The Supreme Court of Alabama recently held that a brand-name drug manufacturer can be held liable for fraud or misrepresentation based on statements it made in connection with the manufacture of the drug in an action brought by consumer who was allegedly injured by a generic version of drug.
Danny and Vicki Weeks filed a lawsuit in federal court against drug manufacturers for injuries that Mr. Weeks allegedly suffered as a result of his long-term use of the prescription drug product metoclopramide, which is the generic form of the brand-name drug Reglan.® The Weekses claim that two companies—Teva Pharmaceuticals USA and Actavis Elizabeth, LLC—manufactured and sold the generic metoclopramide that Mr. Weeks ingested.
The Weekses concede that Mr. Weeks did not ingest any Reglan® manufactured by the three brand-name defendants, Wyeth LLC, Pfizer Inc., and Schwarz Pharma, Inc. The Weekses nonetheless assert that the brand-name defendants should be liable for Mr. Weeks’s harm on fraud, misrepresentation, and/or suppression theories because they at different times manufactured or sold brand-name Reglan® and purportedly either misrepresented or failed adequately to warn Mr. Weeks or his physician about the risks of using Reglan® long-term.
The brand-name defendants moved to dismiss the claims against them, arguing they had no duty to warn about the risks associated with ingestion of their competitors’ generic products. Because the lawsuit was governed by Alabama law, the federal court decided to ask the Alabama Supreme Court whether the Weekses could sue the brand-name defendants even though they admitted to only taking generic versions.
The question presented to the Alabama Supreme Court was:
“Under Alabama law, may a drug company be held liable for fraud or misrepresentation (by misstatement or omission), based on statements it made in connection with the manufacture or distribution of a brand-name drug, by a plaintiff claiming physical injury from a generic drug manufactured and distributed by a different company?”
In Wyeth, Inc. v. Weeks, No. 1101397 (Ala. January 11, 2013), the court answered the question as follows:
Under Alabama law, a brand-name drug company may be held liable for fraud or misrepresentation (by misstatement or omission), based on statements it made in connection with the manufacture of a brand-name prescription drug, by a plaintiff claiming physical injury caused by a generic drug manufactured by a different company.
The Alabama Supreme Court explained that:
Unlike other consumer products, prescription drugs are highly regulated by the FDA. Before a prescription drug may be sold to a consumer, a physician or other qualified health-care provider must write a prescription. The United States Supreme Court in Wyeth v. Levine recognized that Congress did not preempt common-law tort suits, and it appears that the FDA traditionally regarded state law as a complementary form of drug regulation: The FDA has limited resources to monitor the 11,000 drugs on the market, and manufacturers have superior access to information about their drugs, especially in the postmarketing phase as new risks emerge; state-law tort suits uncover unknown drug hazards and provide incentives for drug manufacturers to disclose safety risks promptly and serve a distinct compensatory function that may motivate injured persons to come forward with information. Wyeth v. Levine, 555 U.S. at 578–79.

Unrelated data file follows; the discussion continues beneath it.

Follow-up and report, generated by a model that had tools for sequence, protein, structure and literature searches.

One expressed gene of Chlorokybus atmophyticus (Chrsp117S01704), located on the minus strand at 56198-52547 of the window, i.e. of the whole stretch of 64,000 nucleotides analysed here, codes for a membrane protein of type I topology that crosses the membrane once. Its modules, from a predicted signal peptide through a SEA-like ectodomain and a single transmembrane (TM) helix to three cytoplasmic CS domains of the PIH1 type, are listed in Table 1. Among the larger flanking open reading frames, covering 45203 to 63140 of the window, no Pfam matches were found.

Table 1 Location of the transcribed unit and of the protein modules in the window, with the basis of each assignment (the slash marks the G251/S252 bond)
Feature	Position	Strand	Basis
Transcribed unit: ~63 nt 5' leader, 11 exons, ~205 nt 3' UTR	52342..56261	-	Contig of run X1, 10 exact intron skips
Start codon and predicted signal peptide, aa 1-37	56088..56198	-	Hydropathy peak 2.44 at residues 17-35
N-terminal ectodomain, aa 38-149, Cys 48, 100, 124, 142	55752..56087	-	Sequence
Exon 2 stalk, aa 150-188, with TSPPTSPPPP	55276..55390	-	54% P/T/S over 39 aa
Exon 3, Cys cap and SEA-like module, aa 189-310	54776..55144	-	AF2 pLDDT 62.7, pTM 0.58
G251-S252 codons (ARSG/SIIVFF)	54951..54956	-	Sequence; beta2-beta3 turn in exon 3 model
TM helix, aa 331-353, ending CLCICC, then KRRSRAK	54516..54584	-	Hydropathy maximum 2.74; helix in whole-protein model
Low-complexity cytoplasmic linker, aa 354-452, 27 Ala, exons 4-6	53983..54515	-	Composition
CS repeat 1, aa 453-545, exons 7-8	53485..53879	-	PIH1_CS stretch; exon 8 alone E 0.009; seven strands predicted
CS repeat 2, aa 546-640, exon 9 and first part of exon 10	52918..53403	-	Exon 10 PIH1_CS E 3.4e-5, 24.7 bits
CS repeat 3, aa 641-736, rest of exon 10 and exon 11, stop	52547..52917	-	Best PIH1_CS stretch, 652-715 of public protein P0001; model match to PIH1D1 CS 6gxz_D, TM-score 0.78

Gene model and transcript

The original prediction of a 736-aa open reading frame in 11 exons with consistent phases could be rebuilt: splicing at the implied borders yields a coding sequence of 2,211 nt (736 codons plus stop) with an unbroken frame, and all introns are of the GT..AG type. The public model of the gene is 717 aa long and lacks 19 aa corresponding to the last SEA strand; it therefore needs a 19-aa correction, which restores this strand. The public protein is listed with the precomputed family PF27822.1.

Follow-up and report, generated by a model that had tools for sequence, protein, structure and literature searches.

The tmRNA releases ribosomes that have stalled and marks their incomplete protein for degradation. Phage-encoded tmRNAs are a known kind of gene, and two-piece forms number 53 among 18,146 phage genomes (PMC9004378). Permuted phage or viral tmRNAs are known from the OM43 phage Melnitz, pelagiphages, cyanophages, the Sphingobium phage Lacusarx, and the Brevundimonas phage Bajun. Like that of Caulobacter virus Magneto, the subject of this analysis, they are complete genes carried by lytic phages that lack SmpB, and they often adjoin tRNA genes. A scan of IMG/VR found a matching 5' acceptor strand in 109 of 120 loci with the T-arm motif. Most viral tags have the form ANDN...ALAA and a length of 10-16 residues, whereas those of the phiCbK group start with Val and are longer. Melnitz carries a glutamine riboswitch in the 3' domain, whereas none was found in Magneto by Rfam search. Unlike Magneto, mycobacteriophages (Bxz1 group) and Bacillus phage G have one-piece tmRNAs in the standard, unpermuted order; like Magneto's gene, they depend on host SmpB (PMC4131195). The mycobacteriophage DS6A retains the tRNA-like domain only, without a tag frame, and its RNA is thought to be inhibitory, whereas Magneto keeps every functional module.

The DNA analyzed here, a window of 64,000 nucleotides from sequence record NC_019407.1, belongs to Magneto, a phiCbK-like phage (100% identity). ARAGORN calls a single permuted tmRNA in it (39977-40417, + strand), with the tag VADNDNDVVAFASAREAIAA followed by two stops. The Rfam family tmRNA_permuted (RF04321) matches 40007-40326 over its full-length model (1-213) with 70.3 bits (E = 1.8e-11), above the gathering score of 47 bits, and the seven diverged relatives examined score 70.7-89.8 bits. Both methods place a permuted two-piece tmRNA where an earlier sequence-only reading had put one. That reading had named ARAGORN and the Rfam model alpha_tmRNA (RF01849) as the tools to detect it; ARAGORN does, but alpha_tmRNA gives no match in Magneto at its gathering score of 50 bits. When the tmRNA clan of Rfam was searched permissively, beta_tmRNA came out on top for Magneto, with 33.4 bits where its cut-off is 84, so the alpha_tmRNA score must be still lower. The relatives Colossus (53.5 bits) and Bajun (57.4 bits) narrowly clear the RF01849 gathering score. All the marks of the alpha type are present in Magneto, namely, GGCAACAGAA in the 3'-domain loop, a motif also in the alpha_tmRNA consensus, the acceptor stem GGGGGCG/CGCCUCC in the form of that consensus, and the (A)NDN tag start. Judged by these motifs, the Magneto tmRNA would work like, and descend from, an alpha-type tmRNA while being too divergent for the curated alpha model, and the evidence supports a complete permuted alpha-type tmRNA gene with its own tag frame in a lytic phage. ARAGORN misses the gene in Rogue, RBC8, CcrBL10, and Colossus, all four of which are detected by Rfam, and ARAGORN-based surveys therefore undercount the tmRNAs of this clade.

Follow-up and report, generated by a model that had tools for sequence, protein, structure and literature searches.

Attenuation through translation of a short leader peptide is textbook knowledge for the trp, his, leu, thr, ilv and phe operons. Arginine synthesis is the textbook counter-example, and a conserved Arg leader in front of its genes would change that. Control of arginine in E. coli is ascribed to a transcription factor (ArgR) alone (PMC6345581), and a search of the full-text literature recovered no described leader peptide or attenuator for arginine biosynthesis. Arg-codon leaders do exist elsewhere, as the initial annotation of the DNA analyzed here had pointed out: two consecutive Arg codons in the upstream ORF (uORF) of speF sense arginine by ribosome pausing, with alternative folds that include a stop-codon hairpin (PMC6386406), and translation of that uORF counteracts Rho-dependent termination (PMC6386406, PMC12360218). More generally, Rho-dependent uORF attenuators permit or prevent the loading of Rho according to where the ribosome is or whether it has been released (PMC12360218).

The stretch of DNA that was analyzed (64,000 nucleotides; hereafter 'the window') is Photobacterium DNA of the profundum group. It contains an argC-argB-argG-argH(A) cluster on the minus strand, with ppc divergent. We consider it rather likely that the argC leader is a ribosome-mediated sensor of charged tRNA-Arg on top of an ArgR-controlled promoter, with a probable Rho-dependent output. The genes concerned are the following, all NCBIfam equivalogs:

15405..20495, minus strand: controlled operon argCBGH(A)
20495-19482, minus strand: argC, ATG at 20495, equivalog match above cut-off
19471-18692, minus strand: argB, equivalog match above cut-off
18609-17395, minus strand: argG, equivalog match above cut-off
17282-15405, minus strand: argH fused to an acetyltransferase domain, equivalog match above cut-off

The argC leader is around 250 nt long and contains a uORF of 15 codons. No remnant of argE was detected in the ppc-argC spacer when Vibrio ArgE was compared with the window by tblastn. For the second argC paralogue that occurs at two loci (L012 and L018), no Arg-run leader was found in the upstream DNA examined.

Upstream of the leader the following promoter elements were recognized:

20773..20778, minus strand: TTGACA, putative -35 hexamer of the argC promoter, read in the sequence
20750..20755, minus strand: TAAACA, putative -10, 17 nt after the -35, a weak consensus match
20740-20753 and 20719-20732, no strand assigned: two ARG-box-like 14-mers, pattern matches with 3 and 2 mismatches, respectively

FDA regulations provide that a generic-drug manufacturer’s labeling for a prescription drug must be exactly the same as the brand-name-drug manufacturer’s labeling. The Supreme Court in PLIVA held that it would have been impossible for the generic-drug manufacturers to change their warning labels without violating the federal requirement that the warning on a generic drug must match the warning on the brand-name version, preempting failure-to-warn claims against generic manufacturers.
In the context of inadequate warnings by the brand-name manufacturer placed on a prescription drug manufactured by a generic-drug manufacturer, it is not fundamentally unfair to hold the brand-name manufacturer liable for warnings on a product it did not produce because the manufacturing process is irrelevant to misrepresentation theories based, not on manufacturing defects in the product itself, but on information and warning deficiencies, when those alleged misrepresentations were drafted by the brand-name manufacturer and merely repeated by the generic manufacturer.
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If you or a loved one has experienced the tragedy of losing a family member as a result of prescription narcotics usage, you and your family deserve answers to your questions. If your loss was as a result of a defective drug or perhaps a physician’s negligence, you have the right to demand that the drug company or negligent physician be held responsible.
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